Federal Reserve bumps up U.S. interest rate, signals two more in 2018

Federal Reserve bumps up U.S. interest rate, signals two more in 2018

Federal Reserve bumps up U.S. interest rate, signals two more in 2018

The Federal Reserve announced it will raise interest rates a quarter percentage point on Wednesday, and signaled that it could raise interest rates at least twice more this year.

Yields earlier swung between gains and losses as investors awaited guidance about whether policy makers see enough pressure on prices to increase their projected pace of interest rate increases, or whether concerns about the ability of the economy to sustain its growth in coming years might lead to a pullback in forecasts of rate increases in coming years, analysts said.

Investors will be listening to Federal Reserve chair Jerome Powell's second press conference as leader of the USA central bank for clues on how the institution is factoring trade conflicts and global tensions into its strategy as it continues on the path toward policy normalization.

"Economic activity has been rising at a "solid" rate, the Fed's statement said, marking an upgrade from "moderate" in the previous statement". The rate is estimated to fall 3.5% next year, through to 2020, down from the previous forecast of 3.6%.

With employers hiring at a solid pace month after month, unemployment has reached 3.8 per cent. Officials penciled in a total of four rate increases for this year, up from a projection of three increases at their March meeting. With the economy now nine years into an expansion, the move reflects the steadiness of growth, the job market's strength and inflation that's finally nearing the Fed's target level.

They expect the core inflation rate to rise to roughly 2% this year. With higher interest rates, this means that real interest rates will push higher.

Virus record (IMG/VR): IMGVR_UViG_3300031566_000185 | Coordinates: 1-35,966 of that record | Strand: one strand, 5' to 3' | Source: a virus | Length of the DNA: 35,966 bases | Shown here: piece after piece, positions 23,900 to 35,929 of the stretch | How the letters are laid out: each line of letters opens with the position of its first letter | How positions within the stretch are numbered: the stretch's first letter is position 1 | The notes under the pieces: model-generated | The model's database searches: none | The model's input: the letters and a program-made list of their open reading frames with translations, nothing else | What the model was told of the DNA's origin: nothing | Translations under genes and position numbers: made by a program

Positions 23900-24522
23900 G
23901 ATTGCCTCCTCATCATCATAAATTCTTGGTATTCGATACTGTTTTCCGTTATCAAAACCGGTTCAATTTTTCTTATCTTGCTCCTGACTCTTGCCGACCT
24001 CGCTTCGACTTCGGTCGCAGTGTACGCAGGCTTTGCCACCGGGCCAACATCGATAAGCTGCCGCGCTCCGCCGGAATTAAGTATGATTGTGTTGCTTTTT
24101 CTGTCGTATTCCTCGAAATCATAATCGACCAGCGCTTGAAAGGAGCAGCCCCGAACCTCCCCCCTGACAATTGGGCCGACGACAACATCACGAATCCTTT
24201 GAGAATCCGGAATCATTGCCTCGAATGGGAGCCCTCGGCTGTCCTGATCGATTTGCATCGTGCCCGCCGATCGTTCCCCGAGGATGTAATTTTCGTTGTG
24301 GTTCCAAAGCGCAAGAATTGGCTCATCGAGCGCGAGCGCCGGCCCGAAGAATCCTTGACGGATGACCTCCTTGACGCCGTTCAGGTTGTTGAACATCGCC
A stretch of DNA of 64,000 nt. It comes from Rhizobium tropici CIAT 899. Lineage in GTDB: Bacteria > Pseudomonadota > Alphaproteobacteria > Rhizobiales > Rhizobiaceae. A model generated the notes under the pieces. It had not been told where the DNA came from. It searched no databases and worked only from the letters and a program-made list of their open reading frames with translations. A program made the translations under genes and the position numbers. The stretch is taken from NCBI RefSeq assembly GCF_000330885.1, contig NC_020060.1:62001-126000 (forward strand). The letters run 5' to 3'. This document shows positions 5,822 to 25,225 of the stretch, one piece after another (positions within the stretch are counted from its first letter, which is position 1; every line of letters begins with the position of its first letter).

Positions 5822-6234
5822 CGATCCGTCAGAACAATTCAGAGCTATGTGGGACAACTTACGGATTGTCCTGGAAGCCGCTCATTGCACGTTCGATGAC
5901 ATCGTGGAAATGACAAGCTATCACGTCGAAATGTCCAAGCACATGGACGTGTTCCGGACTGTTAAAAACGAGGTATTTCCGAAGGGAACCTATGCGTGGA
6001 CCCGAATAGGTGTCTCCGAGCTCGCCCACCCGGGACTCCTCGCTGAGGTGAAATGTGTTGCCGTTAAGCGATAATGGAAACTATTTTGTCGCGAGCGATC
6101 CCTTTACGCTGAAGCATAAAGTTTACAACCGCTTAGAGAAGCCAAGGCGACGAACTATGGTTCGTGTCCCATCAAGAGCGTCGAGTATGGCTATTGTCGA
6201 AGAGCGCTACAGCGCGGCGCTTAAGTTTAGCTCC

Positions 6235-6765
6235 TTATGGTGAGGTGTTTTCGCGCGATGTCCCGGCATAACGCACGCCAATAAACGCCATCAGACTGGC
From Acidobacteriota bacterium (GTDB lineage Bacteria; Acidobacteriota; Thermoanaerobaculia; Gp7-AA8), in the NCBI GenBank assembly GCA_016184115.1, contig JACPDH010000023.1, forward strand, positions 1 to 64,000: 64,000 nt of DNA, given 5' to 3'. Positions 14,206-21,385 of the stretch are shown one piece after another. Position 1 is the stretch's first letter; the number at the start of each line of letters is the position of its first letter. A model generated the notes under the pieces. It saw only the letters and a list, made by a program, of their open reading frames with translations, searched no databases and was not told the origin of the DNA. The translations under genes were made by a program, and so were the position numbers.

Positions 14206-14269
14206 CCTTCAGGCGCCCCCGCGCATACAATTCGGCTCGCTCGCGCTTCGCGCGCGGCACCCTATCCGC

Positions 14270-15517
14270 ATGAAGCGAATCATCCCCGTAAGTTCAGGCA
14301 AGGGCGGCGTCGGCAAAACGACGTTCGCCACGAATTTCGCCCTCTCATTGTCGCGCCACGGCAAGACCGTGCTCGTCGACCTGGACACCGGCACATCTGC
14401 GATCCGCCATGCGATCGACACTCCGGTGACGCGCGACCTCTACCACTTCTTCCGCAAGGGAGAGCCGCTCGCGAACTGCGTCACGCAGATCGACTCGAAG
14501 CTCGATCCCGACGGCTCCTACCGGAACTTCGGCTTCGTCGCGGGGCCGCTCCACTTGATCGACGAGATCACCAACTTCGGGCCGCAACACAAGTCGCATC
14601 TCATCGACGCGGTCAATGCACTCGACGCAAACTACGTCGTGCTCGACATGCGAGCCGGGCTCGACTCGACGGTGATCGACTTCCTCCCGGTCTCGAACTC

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USA companies are hiring at a rapid pace and consumer and business spending remains healthy, the Fed noted, and core inflation is finally expected to hit the central bank's target of 2 per cent this year. "Recent data suggest that growth of household spending has picked up, while business fixed investment has continued to grow strongly".

Updating their quarterly forecasts, officials projected the policy rate at 3.1 per cent at the end of 2019, according to their median estimate - compared with 2.9 per cent seen in March - and 3.4 per cent in 2020, unchanged from the prior forecast.

Beginning in 2008 in the midst of the financial crisis, the Fed kept its key rate unchanged at a record low near zero for seven years. At this point, there's been little evidence that wage or price inflation is accelerating.

The Fed said its policy of further gradual rate increases will be "consistent with sustained expansion of economic activity, strong labour market conditions, and inflation near the Committee's symmetric 2 per cent objective".

Most economists had not expected the Fed to give a clear sign that an additional rate increase was likely until later in the year.

"Voting for the FOMC monetary policy action were Jerome H. Powell, Chairman; William C. Dudley, Vice Chairman; Thomas I. Barkin; Raphael W. Bostic; Lael Brainard; Loretta J. Mester; Randal K. Quarles; and John C. Williams".

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